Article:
Whether you believe in climate change or not there is a cyclical weather pattern that comes and goes with regularity. It is called the El Nino and La Nina. El Nino means the little boy in Spanish. La Nina means little girl in Spanish. How does that affect us?

El Nino ushers in warmer water. Warmer water is what helps hurricanes to form and grow. El Nino years usually translate into more active hurricane seasons.

La Nina keeps the water colder. Cold water stops hurricanes in their tracks. As such, years where La Nina is present mean fewer hurricanes are likely.

According to the World Meteorological Organization (WMO) there is a sixty percent (60%) chance that we will welcome El Nino sometime between May and June of this year (2023). The National Atmospheric and Oceanic Administration (NOAA) concurred with this prediction and said there was a ninety percent (90%) it would stick around through 2024.

Another contributing factor to our weather patterns and hurricane forecasts is what meteorologist call the ENSO Cycle 101.  What this is, and does, has everything to do with the trade winds from the Pacific Ocean. Typically, the trade winds blow west along the equator. This brings warmer water from South America closer to Asia replacing the normally cooler waters there. This is termed upwelling and can affect major storm formation.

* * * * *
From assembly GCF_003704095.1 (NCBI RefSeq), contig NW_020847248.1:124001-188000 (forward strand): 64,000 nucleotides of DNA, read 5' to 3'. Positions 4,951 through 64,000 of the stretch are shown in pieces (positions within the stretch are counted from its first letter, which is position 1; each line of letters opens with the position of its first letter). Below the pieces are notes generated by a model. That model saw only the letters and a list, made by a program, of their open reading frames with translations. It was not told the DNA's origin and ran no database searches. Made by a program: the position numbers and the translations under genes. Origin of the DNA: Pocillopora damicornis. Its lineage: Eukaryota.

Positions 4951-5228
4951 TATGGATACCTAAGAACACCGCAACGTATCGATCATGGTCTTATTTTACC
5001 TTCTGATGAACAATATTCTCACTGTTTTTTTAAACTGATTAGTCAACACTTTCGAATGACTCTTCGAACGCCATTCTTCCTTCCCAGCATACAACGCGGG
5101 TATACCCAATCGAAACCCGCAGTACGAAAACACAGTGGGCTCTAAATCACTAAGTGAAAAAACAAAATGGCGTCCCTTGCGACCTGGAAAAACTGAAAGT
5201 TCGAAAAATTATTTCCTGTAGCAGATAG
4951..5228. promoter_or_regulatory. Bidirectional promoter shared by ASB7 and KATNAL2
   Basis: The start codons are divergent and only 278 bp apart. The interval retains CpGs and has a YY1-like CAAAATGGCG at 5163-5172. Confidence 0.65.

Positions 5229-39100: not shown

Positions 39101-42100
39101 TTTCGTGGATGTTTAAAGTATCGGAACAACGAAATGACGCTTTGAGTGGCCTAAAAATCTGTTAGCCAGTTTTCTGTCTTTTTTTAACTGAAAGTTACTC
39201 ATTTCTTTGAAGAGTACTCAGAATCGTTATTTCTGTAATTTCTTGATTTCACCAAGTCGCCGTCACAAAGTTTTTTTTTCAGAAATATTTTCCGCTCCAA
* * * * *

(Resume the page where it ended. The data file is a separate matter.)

Trade winds are weaker during El Nino. This creates less upwelling which means warmer surface waters and the possibility of more and stronger storms.




NOAA states that El Nino and La Nina transpire about one time every two to seven years. However, that pattern has become somewhat more erratic over time and as such so has the water temperatures that can impact the ENSO cycles.

NOAA has been tracking these patterns for a long time and the intensity of these storms will be directed according to how much warmer the water becomes. This past April registered the highest global sea surface temperatures ever recorded. That does not bode well for El Nino.

The warmer water moves the jet stream southerly of its neutral position. When this occurs it means more tropical depressions and hurricanes are possible in North America. East Coast states may experience less rainfall than the southern states during the El Nino. Southern states may see more rainfall and flooding.

What can you do? Watch the Weather Channel or your local news channel. Be aware of where the storms are and where they are predicted to make landfall. If the storm is slated to land near where your home is board up and stay inside.

What should you do personally? Stock up on water, flashlights and batteries, and canned foods in the event you have no water or power. If asked by the local authorities to evacuate please heed the warning and do so for you and your family’s safety.




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